As a very large country, Argentina’s wine growing regions are vast and spread out from Salta in the north to Patagonia in the south, but most of the production is centered near and north of Mendoza, which lies west of Buenos Aires. Although certain regions within Argentina are becoming known for specific varieties – Salta’s Cafayate Valley for Torrontés, for example – Master Sommelier, Keith Goldston, suggests that the aspects of terroir are still being worked out and for now, come down to three things: distance from the Andes Mountains, elevation and vine age –some vineyards today are 100 years old. Of course, regardless of these three elements – we know it will be sunny.
With its beautiful beaches, easy access and laid-back vibe, Waiheke is a popular weekend getaway for Auckland residents, much as the Hamptons are for New Yorkers. And, similar to Long Island, Waiheke boasts a small, but high quality wine region.
Accommodations on the island are varied with backpacker options at the low end and five-star, luxury lodges on the other. We had the good fortune to secure one of the four rooms at the Te Whau Lodge, located near Rocky Point. Its elevated position provides guests with an amazing view of Putiki Bay. Hosts Liz Eglinton and Gene O’Neill pamper you from the moment you dock, arranging for transportation from the ferry terminal and greeting you upon your arrival at the lodge. Although it is optional, choosing to dine with your hosts is highly recommended.
Guests who opt to partake in dinner are invited to meet at 7:00 PM in the guest lounge for wine and hors d’oeuvres. Gene is an amazing chef, well regarded on the island. Scallops, gouchères and chicken rolled in fresh herbs from the garden were served with complimentary (and complementary) wine – SoHo Wine Co’s Carter Chardonnay from across the island.
After the appetizers, guests are welcomed into the dining room for a three-course meal and can choose to order wine from the lodge’s selection of local wines. We chose a Montepulciano from Whispering Sands, Obsidian’s second label.
As our visit was coincident with Valentine’s Day, a single red rose adorned each place setting, adding to the festive atmosphere. Post-dinner, Port and Cognac were offered as was coffee. At $60.00 NZ/person, it was not only a fabulous meal, but it was a terrific bargain.
Te Whau Vineyards is a short walk from Te Whau Lodge and a perfect place for a relaxed, al fresco lunch, featuring locally-caught fish. In fact, our server’s husband was among the local fishermen. The restaurant’s wine list features wines from throughout the island as well as more international selections.
After lunch, we tasted through the line-up of open wines, all of which were Bordeaux-style blends, but from different vintages. Unfortunately, our visit on the island was too short to visit any other wineries, but I have tasted wines from Waiheke’s Stonyridge and Man O’War at trade tastings in the U.S., further attesting to the quality of the island’s wines.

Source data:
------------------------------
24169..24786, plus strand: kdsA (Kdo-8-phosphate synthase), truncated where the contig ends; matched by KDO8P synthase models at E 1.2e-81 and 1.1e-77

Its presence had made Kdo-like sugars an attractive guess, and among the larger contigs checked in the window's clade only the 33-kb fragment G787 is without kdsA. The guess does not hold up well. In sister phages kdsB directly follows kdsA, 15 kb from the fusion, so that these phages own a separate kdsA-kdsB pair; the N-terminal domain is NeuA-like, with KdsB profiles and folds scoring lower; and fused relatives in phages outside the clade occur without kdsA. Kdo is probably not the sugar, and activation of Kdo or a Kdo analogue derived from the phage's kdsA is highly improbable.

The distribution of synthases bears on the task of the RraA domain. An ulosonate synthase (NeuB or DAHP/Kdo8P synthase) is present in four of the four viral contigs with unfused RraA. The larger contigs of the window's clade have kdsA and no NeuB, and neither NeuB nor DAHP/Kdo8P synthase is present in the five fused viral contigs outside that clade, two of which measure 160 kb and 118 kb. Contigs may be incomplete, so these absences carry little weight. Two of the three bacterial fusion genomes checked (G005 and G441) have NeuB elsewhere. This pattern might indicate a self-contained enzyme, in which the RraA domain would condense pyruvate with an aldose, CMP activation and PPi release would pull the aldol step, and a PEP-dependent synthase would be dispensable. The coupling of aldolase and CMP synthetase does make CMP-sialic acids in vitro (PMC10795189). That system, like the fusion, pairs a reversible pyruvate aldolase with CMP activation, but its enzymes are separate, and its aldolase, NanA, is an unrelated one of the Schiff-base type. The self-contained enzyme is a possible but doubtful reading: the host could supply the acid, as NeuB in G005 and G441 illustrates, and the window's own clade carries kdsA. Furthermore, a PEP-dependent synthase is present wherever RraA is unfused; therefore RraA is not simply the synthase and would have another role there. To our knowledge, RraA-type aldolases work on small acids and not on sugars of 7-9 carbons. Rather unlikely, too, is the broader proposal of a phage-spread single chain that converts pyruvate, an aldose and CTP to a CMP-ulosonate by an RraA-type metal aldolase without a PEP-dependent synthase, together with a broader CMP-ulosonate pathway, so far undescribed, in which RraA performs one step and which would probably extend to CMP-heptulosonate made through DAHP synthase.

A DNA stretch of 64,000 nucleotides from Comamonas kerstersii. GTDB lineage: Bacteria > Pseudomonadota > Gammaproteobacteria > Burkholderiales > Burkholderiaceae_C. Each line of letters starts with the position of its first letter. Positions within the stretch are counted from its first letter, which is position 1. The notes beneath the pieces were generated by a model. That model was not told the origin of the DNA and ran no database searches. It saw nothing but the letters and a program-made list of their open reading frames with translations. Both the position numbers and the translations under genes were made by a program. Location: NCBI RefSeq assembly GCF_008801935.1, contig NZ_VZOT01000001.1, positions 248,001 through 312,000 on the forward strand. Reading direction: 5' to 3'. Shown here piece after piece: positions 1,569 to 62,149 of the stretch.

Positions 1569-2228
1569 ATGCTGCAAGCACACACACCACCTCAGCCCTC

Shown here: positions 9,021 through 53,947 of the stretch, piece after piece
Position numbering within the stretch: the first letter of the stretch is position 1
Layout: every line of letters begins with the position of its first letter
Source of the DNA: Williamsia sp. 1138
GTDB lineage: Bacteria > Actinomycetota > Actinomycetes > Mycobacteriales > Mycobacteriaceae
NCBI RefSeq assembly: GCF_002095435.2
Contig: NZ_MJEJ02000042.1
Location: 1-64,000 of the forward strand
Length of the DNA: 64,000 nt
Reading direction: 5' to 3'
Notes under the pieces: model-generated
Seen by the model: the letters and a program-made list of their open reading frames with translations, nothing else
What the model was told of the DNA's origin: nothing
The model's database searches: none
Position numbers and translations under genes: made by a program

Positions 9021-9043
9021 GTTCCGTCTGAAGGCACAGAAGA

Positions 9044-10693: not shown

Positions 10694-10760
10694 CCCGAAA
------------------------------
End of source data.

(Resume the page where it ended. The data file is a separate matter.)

- The chance for the average American traveler, in the course of their lifetime, to die in an airplane crash is 1/5,552 . The chance they die in a car crash is 1/247.
- According to the US Transportation Secretary, flight delays cost the US economy $15 billion annually.
- The travel and tourism industry in the United States is valued at $1.6 trilion
- This industry generates anywhere from 7-8 million jobs in the United States
- The Washington Post did a study in 2001 of airline delays. Over 1/6 million passengers were delayed at least 15 minutes that year- an accumulated time of 170 years
- On an average 7 night sailing aboard the Disney Magic Cruiseline, the following food items are consumed:
- Beef – 5,000 pounds
- Chicken – 10,000 pounds
- Salmon – 1,200 pounds
- Shrimp – 1,300 pounds
- Lobster tail – 1,000 pounds
- Pineapple – 3,300 pounds
- Melon – 12,800 pounds
- Individual eggs – 71,500
- Coffee – 57,820 cups
- Soda – 3,125 gallons
- Wine and Champagne – 2,700 bottles
- Beer – 12,385 bottles/cans
I’ve come to the conclusion that you drink wine with more than just your nose and taste buds – your memory also plays an important part in the process.
That’s why people often gravitate towards the same grapes, the same terroirs and the same brands when they choose their wine. Certainly, for me, memory is the primary reason I’ve developed a mania for wines from La Rioja, in Spain.
This February, I was lucky enough to travel with Jody Ness and the crew of Wine Portfolio to experience the wines of this venerable region first-hand; and it’s colored my experience of drinking them ever since.
Just a whiff of the earthy combination of mountain-grown Tempranillo and old oak is enough to whisk me back to the amazing food, stunning scenario and warm hospitality I experienced on my trip to Spain.
But there’s more to it than that.
For example, when I bought a bottle of 2005 Marques de Riscal Reserva today, I chose that wine because I’d been lucky enough to visit the Bodega where it was made. While there, I witnessed every step of the journey that turns a plump, juicy grape into a rich, rewarding drop of wine.
It’s knowing that journey – and the passion and precision which went into it – which makes every mouthful so flavorful.
Let me share the journey my wine went on with you. It makes it taste just that much better: